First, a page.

On July 7, 2018, Chris Dunn survived a freak diving accident that left him paralyzed, on a ventilator and mostly blind only to face an even more hellish reality: a year living in a Maine ICU fighting for his right to go to rehab and get back to living his life.
Other than a short-lived attempt to return home a few months after the accident, Dunn, 44, did not leave the ICU for over a year. There were no local rehab centers that could accommodate his needs and after initial efforts to find an out of state rehab failed, he found himself stuck.
Unable to see, eat, breathe or move on his own, with little to no access to therapy, Dunn, a father and concrete worker, spent day after day lying in bed listening to the History Channel and hoping for a chance — just a chance — to show he could do more. After hearing Dunn describe his stay, perhaps the best way to describe what he went through is a living nightmare. “I’m pretty sure they just wanted to kill me,” he says. “I wasn’t too happy. It sucked.”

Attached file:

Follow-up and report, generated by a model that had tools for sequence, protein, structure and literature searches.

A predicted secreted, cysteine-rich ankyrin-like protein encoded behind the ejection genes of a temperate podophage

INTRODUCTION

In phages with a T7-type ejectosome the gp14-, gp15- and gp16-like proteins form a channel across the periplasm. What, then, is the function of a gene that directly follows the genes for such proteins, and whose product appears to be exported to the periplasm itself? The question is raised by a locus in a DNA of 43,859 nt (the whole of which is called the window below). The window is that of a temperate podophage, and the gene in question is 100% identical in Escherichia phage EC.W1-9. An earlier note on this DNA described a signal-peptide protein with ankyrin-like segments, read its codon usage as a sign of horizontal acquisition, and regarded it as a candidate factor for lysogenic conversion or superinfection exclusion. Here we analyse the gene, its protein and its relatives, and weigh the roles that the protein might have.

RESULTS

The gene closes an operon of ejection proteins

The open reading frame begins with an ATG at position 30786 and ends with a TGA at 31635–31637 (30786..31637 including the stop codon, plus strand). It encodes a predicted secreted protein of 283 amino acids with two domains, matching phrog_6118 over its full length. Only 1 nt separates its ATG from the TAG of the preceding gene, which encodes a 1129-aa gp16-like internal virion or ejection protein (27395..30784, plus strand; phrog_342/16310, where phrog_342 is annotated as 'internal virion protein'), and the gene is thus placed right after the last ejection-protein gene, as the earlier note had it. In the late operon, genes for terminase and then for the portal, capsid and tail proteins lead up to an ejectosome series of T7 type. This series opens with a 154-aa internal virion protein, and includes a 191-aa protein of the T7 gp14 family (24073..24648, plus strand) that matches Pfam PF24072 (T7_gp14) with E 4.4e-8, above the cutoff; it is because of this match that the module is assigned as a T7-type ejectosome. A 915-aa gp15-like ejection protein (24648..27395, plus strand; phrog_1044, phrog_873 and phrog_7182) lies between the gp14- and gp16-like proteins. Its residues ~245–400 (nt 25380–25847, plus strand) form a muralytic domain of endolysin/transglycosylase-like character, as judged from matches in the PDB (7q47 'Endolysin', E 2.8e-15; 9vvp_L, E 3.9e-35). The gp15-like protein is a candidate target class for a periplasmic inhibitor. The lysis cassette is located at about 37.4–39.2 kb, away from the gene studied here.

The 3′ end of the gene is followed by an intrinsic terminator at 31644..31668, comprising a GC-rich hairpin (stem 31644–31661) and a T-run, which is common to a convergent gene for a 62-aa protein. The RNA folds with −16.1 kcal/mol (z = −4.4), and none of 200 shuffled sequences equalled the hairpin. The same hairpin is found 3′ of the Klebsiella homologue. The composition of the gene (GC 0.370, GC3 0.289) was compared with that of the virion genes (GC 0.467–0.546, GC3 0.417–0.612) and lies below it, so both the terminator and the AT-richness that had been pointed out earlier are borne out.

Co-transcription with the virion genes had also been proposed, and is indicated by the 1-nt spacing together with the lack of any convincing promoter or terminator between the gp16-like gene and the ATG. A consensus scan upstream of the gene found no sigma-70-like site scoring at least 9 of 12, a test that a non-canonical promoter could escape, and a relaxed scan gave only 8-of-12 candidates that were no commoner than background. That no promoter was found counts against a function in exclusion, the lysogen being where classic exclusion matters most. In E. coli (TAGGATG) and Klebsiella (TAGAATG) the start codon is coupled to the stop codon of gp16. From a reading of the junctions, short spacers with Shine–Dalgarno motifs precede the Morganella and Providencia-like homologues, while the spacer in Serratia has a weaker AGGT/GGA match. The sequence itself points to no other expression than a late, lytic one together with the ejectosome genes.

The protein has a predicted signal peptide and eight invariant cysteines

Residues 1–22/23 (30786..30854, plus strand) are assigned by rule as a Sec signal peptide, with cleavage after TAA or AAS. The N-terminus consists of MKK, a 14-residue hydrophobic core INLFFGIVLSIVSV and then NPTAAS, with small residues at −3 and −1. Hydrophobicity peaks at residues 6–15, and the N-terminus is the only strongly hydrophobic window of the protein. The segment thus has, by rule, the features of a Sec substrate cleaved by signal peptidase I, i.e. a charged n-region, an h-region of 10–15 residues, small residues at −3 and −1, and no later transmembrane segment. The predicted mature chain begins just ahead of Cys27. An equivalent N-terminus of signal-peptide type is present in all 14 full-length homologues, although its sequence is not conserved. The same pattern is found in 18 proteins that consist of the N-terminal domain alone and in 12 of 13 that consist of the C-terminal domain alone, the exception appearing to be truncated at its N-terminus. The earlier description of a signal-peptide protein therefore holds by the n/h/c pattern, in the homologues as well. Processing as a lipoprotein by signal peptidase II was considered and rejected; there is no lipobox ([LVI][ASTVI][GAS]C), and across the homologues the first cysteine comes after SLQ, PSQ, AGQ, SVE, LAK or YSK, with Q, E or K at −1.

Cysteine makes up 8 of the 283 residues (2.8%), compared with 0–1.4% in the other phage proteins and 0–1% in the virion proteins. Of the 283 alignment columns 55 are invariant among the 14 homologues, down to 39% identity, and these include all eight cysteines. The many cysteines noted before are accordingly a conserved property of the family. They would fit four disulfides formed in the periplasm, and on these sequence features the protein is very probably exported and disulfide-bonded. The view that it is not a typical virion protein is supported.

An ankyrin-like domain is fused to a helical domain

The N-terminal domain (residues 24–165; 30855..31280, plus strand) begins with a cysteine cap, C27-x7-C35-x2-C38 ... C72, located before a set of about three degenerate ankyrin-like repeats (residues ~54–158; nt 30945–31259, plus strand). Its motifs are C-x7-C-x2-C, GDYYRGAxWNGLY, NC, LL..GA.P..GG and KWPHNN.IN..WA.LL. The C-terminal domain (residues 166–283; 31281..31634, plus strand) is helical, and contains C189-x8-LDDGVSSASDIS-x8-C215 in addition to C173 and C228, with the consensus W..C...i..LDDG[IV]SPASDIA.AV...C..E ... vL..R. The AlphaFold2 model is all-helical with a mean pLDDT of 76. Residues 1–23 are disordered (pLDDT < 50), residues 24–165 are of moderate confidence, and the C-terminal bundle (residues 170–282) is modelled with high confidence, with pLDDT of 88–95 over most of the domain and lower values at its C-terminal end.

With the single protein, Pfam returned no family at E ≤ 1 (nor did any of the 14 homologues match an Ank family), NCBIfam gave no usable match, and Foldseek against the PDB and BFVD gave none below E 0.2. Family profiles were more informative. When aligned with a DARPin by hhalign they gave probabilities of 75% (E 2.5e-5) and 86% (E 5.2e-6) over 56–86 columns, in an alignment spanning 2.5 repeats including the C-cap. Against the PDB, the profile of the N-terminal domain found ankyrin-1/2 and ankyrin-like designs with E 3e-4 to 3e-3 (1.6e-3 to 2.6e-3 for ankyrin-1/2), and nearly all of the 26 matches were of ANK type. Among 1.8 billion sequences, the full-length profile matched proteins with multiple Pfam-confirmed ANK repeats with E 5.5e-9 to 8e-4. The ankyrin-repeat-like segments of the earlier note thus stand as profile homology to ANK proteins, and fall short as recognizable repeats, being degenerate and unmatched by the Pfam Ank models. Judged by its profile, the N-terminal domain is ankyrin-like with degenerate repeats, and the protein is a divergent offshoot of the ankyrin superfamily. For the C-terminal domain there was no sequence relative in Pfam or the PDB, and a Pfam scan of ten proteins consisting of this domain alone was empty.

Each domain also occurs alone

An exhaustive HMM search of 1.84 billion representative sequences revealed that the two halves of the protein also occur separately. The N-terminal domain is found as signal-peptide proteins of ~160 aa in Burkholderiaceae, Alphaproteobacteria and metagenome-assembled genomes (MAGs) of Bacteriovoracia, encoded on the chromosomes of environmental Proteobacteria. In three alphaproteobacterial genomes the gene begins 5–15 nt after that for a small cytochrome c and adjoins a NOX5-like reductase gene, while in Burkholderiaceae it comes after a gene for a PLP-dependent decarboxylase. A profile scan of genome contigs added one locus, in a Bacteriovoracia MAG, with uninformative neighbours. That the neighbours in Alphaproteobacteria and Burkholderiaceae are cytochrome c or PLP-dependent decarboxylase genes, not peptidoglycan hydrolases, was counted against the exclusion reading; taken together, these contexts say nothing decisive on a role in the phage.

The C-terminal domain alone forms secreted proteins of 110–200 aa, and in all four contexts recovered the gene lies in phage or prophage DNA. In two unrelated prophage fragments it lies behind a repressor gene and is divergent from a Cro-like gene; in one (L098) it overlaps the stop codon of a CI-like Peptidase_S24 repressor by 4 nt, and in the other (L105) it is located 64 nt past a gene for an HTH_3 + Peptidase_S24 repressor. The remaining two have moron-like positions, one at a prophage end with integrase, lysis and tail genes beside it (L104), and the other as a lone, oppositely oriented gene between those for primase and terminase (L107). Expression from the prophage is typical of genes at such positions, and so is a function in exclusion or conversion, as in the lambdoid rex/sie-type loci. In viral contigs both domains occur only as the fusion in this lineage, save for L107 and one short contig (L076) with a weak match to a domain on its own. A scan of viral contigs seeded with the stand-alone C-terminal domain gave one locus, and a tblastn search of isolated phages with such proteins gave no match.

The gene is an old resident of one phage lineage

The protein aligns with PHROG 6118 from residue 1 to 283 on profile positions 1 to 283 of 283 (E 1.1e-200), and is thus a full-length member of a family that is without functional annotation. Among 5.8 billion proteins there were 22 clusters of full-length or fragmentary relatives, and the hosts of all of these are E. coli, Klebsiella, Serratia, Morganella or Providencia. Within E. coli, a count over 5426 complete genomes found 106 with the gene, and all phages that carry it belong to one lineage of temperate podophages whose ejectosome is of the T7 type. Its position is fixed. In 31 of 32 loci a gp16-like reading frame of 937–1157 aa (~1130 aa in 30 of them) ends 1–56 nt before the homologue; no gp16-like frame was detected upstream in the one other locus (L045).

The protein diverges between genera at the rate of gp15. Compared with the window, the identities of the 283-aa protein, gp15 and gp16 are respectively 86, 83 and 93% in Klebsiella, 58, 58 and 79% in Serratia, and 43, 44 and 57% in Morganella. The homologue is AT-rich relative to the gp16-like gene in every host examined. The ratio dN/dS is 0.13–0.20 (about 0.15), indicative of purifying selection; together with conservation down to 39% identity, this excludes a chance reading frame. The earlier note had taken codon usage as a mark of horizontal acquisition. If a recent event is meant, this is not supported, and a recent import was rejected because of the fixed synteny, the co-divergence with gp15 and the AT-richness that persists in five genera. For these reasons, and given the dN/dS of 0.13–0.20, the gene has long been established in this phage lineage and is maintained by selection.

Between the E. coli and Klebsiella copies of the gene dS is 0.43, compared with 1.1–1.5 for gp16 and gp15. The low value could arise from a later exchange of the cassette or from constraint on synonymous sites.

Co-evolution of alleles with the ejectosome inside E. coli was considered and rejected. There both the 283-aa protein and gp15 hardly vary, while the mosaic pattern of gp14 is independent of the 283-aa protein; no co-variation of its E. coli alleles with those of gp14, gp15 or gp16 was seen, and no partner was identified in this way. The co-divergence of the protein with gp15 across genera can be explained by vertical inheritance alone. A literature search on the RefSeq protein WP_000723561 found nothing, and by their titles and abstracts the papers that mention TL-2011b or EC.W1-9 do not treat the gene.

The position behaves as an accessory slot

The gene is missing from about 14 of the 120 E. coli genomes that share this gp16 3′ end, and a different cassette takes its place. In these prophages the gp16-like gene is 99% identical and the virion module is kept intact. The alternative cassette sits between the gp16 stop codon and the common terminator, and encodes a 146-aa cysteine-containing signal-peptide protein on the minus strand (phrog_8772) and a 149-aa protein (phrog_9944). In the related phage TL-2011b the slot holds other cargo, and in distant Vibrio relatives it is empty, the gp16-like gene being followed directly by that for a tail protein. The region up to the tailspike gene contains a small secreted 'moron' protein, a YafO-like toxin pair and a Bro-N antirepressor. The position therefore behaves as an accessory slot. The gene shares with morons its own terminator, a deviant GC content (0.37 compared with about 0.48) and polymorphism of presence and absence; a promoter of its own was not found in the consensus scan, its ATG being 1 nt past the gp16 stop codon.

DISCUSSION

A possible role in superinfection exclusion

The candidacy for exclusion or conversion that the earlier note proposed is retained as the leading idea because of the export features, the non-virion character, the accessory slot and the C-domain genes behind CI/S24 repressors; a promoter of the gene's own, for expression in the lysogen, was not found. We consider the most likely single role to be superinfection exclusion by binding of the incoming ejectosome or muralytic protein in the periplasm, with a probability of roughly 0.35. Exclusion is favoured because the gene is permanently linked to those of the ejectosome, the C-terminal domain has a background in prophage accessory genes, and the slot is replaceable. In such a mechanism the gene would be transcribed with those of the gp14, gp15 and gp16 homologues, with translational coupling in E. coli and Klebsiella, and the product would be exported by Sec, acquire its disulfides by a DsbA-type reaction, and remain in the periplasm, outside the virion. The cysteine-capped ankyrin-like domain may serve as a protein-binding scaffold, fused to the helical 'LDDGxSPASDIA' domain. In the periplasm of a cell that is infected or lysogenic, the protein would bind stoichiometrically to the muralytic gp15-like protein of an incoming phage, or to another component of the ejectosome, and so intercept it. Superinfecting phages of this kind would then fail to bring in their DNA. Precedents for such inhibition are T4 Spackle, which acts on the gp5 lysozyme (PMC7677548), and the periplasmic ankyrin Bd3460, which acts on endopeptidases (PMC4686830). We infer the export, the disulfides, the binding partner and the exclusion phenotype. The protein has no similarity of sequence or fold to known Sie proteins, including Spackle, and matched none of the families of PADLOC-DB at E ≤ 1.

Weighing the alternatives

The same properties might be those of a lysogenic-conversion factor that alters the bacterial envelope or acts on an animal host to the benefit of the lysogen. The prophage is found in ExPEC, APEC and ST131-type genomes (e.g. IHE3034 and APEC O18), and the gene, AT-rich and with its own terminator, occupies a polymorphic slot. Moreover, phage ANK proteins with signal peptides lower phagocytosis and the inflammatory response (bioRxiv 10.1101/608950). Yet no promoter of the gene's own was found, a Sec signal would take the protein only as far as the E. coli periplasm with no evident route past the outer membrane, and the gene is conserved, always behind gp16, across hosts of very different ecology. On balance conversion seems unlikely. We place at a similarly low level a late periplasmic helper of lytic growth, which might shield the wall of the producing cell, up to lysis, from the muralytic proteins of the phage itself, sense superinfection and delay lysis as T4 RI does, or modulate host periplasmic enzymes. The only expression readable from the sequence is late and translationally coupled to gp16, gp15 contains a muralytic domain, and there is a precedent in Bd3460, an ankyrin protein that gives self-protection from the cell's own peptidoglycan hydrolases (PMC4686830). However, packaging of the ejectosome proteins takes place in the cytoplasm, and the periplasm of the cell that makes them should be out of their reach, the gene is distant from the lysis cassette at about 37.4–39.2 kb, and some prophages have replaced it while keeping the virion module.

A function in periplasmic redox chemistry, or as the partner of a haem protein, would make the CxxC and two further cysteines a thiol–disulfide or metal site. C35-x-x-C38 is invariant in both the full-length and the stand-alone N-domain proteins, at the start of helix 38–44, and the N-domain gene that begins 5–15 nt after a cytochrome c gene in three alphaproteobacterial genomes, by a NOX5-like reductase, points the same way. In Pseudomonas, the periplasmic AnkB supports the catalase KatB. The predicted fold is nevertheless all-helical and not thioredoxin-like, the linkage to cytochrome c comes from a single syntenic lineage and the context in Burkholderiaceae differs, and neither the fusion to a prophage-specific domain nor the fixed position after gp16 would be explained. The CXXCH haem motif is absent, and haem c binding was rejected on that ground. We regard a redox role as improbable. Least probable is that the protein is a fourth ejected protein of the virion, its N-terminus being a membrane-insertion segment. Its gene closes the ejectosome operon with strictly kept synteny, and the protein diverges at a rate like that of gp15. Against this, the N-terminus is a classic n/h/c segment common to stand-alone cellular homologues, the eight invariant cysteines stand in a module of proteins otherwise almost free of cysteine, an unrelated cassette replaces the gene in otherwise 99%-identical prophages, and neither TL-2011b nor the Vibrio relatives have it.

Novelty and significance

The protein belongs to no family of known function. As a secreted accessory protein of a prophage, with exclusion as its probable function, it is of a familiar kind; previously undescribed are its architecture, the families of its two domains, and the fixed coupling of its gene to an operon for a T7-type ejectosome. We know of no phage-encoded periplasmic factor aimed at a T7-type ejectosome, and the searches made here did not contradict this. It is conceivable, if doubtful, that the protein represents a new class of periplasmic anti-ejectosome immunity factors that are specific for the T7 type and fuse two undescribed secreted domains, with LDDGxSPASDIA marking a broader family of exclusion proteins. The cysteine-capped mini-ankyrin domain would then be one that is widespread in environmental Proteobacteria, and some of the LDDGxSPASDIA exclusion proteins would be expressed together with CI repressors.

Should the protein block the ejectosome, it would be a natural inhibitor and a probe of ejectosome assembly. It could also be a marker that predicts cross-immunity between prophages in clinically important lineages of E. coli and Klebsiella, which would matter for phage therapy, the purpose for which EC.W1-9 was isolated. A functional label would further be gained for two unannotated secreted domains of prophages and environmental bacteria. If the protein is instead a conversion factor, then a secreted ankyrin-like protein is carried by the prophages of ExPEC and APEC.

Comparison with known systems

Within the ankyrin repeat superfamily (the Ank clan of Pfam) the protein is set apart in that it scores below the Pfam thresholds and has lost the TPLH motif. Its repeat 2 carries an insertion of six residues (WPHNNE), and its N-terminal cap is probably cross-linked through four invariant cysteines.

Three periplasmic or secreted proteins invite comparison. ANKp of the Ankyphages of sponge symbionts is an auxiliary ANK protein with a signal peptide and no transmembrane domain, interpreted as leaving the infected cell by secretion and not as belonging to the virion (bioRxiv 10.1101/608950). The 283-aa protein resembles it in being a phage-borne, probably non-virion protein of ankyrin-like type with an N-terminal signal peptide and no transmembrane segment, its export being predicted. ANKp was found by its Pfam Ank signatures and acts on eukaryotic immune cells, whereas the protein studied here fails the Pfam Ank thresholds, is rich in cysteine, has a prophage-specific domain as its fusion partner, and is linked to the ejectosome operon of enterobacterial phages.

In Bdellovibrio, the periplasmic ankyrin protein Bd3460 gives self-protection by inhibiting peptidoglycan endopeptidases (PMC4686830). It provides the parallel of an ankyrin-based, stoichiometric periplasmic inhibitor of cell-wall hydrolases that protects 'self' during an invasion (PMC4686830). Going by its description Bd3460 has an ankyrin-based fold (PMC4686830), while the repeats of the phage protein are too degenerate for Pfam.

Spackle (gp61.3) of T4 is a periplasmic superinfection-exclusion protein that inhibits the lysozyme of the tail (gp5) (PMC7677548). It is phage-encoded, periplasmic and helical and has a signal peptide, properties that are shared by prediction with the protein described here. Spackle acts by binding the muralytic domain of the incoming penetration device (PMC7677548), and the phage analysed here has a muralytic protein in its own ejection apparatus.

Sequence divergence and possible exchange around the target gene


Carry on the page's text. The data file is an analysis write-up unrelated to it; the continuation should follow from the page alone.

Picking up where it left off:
The notion of a hospital wanting to kill a patient may seem far-fetched, but when you consider that administrators repeatedly urged Dunn’s mom, Carol, to consider putting him in hospice the nightmare becomes much more real.
“I cried and felt so desperate. I was scared to death every day and didn’t want to wake up because I knew there would be a fight,” says Carol. “I’d go into a room and I was outnumbered by doctors, nurses and case workers and as it went on, more and more came in. They thought if they increased the numbers I would give in. But you don’t give in for your child. You don’t give in for somebody who wants to live. And Chris told me, ‘Mom, I can do this.’ He wanted to live.”
Read the full story at UnitedSpinal.org…